Kjell de Meersman likes things “fast, sharp and shiny.” In June, the 22-year-old Antwerp student presented his third year BA collection based on six of his personal party alter egos. Silver coats, python leather and chain accessories were part of the nightlife-inspired world, but don’t be mistaken in thinking that his work is nothing but superficial glitz and glamour, the meaning behind it runs deeper than that…

What was the main inspiration behind your collection?

Last summer, I visited the “Energy Flash – The Rave Movement” exhibition at the M HKA in Antwerp, where I learned about Alexandra Domanovic.

During the 90’s, widespread internet use came on the heels of the collapse of socialism in Eastern Europe. Routes of global commerce multiplied parallel to the speed of information. From today’s standpoint, a world where capitalism and socialism coexist is associated with rhythms of life defined by slower forms of media. Alexandra Domanovic considers this condition through her own experience and the history of her native Yugoslavia in “19:30”. The title comes from the time slot of the Yugoslav nightly news, when the whole country would take time to view the broadcast.

Around 1995, techno became popular in the former Yugoslavia (a bit later than it did in the rest of the world, due in part to the international isolation and the warring republics) and young people crossed the new borders to attend parties and dance to wordless, repetitive techno – a musical genre free of national associations. When information can be accessed at any time, the nightly news loses the power to create a simultaneous, shared experience for a multitude of people. But a live event like a rave, still holds that power. “19:30” is an attempt to reconcile past and present. Domanovic traveled around former Yugoslavia to collect archival footage used in news casts. She reached out to techno DJ’s and produced a series of tracks using news samples. Through remixing and live performance, the old melodies become free, like bodies given over to dance.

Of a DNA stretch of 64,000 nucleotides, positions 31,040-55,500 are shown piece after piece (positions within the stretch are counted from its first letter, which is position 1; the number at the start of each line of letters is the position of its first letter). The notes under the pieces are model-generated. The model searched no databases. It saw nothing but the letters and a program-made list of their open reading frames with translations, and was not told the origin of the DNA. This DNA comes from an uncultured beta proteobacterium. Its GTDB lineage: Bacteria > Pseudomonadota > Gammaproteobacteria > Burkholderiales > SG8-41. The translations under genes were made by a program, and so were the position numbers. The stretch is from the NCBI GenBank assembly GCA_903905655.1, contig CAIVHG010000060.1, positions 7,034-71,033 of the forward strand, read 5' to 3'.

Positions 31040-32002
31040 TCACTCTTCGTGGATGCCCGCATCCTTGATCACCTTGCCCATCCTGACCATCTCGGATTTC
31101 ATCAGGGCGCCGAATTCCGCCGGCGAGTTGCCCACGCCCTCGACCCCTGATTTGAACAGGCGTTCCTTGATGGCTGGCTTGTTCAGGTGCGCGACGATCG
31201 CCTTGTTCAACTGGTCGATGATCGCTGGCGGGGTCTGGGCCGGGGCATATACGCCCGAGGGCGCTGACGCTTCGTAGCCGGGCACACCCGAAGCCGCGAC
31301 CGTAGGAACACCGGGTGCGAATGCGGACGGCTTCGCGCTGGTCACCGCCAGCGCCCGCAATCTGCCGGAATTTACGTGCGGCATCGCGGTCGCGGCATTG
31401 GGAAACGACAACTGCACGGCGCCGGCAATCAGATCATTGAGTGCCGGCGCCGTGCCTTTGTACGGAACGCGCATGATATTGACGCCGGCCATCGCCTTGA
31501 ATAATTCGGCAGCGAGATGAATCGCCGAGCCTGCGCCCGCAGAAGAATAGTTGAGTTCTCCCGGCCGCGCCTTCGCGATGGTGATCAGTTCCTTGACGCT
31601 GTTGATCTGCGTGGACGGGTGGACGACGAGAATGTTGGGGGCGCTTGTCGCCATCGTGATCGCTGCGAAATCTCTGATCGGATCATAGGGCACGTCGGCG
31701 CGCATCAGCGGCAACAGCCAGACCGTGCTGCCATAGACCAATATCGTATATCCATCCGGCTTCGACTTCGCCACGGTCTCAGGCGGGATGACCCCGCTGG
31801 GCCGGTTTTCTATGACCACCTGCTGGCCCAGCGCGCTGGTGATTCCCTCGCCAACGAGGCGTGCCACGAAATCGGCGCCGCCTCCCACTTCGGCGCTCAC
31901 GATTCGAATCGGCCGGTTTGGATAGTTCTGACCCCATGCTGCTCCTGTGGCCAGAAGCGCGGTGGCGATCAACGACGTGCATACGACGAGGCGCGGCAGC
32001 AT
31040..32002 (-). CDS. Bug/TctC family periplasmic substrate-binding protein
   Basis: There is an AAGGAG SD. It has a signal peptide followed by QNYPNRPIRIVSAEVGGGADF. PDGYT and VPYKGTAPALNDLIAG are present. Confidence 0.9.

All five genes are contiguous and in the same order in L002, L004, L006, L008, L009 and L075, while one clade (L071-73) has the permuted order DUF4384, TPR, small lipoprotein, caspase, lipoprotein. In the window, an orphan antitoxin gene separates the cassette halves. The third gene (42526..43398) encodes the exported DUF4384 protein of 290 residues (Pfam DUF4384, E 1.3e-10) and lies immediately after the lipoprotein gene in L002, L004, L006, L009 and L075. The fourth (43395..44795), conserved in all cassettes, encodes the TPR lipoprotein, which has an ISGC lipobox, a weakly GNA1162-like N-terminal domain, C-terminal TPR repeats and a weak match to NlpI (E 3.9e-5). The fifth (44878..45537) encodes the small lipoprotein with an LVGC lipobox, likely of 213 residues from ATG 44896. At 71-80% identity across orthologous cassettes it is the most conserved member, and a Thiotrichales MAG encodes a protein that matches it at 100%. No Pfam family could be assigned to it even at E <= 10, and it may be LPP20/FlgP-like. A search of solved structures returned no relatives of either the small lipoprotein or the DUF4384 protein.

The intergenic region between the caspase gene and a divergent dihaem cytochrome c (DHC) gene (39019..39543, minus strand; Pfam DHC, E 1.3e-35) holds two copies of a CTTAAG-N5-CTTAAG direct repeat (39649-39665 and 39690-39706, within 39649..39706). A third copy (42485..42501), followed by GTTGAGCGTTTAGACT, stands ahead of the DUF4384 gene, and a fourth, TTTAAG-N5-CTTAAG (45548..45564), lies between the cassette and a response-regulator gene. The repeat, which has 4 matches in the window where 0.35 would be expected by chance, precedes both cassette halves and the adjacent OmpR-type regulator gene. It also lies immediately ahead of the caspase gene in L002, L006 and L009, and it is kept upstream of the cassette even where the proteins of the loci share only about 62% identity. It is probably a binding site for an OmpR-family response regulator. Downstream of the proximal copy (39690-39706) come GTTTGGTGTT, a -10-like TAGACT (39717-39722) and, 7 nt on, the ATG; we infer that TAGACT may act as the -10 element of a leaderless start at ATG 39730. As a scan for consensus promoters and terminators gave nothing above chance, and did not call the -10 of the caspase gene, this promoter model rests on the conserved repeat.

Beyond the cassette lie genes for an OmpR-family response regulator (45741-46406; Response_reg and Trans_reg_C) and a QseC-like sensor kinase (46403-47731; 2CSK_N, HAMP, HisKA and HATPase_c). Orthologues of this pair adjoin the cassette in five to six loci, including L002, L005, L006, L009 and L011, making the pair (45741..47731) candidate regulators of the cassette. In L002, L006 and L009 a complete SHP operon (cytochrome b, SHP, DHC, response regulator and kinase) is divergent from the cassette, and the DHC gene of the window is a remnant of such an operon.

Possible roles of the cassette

How did this research relate to your collection?

Researching deeper into techno culture and its origins made me realise more than ever how important nightlife is for me and my creative process. The amount of energy, love and endless inspiration that I am exposed to in my nightlife is stronger than any source of information I was ever exposed to. It is this unique feeling that I translated into a collection existing out of 8 characters that represent my alter-egos inside of my own nightlife.

What techniques did you focus on?

I really put the focus on the cut of the pieces in this collection. Quality was something that I really wanted to achieve in every single piece. I made several wool coats and blazers, but the part that I enjoyed the most was the making and designing of the leather pieces. The amount of energy and skill that is needed to create a high quality leather garment is impressive. I learned so much about leather and how to treat during the making of this collection. I worked on a full horse leather suit, a leather fringe jacket, some coats and trousers and of course, shoes and handbags that are made out of fine leathers that I collected in Holland, Belgium and France.

What was most important to you working towards the final result?

The most important to me will always be that I am having fun with what I am doing, whatever that may be. Towards the last days and weeks of school while working harder than ever to finish the collection I was having the most fun. As soon as I figured it all out in my head, it was up to me to put my ideas into reality, and this was of course the most exciting part. Finding the right ways to style my pieces and looks is always the best part since you really see everything coming together.